Google and Facebook to pay for Australian news under new ACCC code

Andrew Cummings
August 3, 2020

"It's about ensuring that we have increased competition, increased consumer protection, and a sustainable media landscape", Frydenberg told reporters in Melbourne.

If a pricing agreement can not be reached after three months, arbitrators will make a binding decision.

While Australia envisages the code will eventually apply to any digital platform using Australian news content, Frydenberg said it would initially focus on Facebook and Google, two of the world's richest and most powerful companies.

In addition, the platforms must give news media businesses clear information about the data they collect through users' interactions with news on digital platforms; for example how long users spend on an article, how many articles they consume in a certain time period, and other information about user engagement with news content across digital platform services. But talks over payment stalled and the government then asked the regulator to develop a mandatory code.

A final round of consultation on the draft mandatory code will take place in August, with the code expected to be finalised shortly afterwards.

The decision comes as the tech giants fend off calls around the world for greater regulation, and a day after Google and Facebook took a battering for alleged abuse of market power from USA lawmakers in a congressional hearing.


According to the proposed legislation, digital platforms will carry out negotiations with media companies for extracting content from them.

Digital platforms would be required to give news media businesses 28 days' notice of algorithm changes likely to materially affect referral traffic to news, algorithm changes created to affect ranking of news behind paywalls, and substantial changes to the display and presentation of news, and advertising directly associated with news.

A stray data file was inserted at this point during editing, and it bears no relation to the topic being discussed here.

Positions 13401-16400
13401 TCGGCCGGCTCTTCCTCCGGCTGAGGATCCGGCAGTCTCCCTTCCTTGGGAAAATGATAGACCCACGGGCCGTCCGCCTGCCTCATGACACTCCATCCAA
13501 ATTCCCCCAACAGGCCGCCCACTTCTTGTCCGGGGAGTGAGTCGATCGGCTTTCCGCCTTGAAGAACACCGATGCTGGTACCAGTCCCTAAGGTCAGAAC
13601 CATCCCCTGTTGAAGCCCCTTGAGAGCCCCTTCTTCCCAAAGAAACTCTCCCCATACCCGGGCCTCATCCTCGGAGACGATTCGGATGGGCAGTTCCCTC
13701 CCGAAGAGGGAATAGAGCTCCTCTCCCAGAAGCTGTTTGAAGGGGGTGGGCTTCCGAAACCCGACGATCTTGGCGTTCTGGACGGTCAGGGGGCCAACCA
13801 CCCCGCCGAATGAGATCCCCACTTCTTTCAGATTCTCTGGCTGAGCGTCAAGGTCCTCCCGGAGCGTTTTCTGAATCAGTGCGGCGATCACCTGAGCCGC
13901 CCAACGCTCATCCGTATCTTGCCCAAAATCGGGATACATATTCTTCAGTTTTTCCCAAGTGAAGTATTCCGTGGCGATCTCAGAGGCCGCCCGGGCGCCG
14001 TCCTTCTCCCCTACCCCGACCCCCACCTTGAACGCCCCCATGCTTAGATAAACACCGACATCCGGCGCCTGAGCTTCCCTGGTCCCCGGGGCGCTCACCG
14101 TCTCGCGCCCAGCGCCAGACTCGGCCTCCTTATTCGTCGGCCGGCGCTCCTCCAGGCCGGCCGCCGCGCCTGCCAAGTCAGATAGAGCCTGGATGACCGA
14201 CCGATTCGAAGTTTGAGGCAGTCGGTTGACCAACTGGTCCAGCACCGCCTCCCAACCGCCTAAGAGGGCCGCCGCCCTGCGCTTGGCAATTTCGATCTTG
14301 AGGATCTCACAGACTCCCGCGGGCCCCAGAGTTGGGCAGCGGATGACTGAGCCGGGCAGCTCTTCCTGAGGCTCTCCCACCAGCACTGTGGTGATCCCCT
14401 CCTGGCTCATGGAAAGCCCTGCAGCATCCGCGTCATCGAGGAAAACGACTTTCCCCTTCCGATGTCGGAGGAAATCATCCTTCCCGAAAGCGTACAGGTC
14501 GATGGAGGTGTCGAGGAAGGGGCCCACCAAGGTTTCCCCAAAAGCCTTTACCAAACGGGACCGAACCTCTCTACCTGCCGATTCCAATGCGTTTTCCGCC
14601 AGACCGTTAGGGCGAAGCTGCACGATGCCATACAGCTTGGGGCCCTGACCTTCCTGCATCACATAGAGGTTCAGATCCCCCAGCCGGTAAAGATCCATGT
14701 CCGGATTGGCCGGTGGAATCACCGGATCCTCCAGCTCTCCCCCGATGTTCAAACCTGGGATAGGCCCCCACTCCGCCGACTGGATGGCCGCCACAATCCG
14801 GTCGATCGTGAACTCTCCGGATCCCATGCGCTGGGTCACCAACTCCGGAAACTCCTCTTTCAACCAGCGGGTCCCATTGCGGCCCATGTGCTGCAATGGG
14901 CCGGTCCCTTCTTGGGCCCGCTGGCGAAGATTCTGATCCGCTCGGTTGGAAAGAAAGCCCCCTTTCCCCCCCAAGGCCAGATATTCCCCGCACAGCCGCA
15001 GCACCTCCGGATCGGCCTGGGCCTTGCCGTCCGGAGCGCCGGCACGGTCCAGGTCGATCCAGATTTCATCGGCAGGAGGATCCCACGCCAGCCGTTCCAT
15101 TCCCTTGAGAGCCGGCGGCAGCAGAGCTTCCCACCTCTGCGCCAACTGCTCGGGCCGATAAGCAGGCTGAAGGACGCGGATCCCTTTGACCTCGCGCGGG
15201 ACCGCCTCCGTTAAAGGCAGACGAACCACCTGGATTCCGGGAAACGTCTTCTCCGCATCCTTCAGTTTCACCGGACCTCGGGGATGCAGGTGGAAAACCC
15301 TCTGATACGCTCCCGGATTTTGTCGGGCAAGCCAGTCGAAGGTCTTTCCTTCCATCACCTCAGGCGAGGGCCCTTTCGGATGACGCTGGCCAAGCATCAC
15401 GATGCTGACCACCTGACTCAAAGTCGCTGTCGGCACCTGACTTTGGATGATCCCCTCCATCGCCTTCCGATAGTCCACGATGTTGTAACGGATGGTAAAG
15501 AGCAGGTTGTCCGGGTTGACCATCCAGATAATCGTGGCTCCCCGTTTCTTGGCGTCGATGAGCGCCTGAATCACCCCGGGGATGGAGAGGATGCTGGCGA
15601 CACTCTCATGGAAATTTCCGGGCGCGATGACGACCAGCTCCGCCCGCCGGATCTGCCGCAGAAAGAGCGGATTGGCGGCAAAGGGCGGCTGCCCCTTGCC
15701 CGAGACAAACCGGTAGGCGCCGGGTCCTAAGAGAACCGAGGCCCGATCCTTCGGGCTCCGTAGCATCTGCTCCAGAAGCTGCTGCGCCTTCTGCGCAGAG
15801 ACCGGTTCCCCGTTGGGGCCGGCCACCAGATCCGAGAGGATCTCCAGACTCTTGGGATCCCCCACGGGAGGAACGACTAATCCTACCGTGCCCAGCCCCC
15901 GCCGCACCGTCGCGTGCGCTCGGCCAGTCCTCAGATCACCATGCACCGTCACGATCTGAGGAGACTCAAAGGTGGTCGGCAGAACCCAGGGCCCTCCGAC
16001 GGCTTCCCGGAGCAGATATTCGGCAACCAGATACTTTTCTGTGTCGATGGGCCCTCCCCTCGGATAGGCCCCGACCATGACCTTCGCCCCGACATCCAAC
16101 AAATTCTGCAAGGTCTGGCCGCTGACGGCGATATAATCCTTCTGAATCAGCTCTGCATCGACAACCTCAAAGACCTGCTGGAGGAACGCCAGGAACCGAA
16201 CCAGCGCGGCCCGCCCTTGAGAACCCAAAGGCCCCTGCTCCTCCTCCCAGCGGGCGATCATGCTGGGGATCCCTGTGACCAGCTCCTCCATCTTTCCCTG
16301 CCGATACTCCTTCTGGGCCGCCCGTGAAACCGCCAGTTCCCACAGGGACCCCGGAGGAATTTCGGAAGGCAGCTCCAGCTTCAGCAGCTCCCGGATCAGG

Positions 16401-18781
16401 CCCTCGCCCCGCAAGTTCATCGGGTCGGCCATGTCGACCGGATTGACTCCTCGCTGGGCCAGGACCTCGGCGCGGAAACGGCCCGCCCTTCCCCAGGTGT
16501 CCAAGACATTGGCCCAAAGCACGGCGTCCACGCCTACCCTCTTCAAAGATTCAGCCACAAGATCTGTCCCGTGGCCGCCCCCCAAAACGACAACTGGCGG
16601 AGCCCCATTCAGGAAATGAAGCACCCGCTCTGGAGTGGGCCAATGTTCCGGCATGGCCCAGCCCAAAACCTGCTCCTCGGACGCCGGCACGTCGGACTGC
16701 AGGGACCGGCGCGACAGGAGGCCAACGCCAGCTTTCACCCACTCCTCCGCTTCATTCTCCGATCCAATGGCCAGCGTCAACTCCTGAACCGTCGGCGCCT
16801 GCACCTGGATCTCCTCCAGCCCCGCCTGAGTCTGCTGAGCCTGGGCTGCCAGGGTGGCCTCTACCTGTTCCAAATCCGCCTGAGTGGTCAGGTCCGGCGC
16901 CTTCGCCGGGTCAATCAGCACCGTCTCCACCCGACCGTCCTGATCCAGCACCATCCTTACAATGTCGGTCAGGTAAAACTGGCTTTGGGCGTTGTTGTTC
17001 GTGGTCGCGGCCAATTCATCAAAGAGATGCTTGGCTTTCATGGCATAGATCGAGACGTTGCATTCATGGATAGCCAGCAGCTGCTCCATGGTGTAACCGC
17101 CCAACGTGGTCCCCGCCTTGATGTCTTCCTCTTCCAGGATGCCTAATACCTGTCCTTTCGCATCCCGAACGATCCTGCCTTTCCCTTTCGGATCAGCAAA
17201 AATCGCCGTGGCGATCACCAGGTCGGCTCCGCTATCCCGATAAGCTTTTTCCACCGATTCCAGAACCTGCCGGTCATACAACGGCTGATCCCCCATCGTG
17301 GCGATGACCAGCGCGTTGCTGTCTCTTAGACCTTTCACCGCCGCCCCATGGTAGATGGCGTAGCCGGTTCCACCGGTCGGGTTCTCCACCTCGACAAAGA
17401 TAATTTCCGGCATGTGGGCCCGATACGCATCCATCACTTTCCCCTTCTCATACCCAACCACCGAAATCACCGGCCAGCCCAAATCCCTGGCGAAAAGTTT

"The government's heavy-handed intervention threatens to impede Australia's digital economy and impacts the services we can deliver to Australians", said Mel Silva, Google's managing director for Australia and New Zealand.

This move to help journalism is part of a bigger initiative by the Australian government.

"We want Google and Facebook to continue to provide. services to the Australian community", said Frydenberg, the Australian treasurer.

The code requires "advance notice of at least 28 days of algorithm changes affecting news ranking, the display of news content and advertising with news content", Frydenberg said.


Both Facebook and Google say advertising revenue linked to news content is a small fraction of their overall revenue.

It was a "watershed moment" in efforts to end "free-riding" by the tech companies, News Corp Australia executive chairman Michael Miller said on Friday.

It will include "substantial penalties" that could cost the tech companies hundreds of millions of dollars, he said.

In December past year, the Government responded to the ACCC's report with a program of work including a voluntary code of conduct for negotiation around content between traditional news media organisations and the digital platforms.

"Nothing less than the future of the Australian media landscape is at stake with these changes".

"We wanted a model that would address this bargaining power imbalance and result in fair payment for content, which avoided unproductive and drawn-out negotiations, and wouldn't reduce the availability of Australian news on Google and Facebook", he said.


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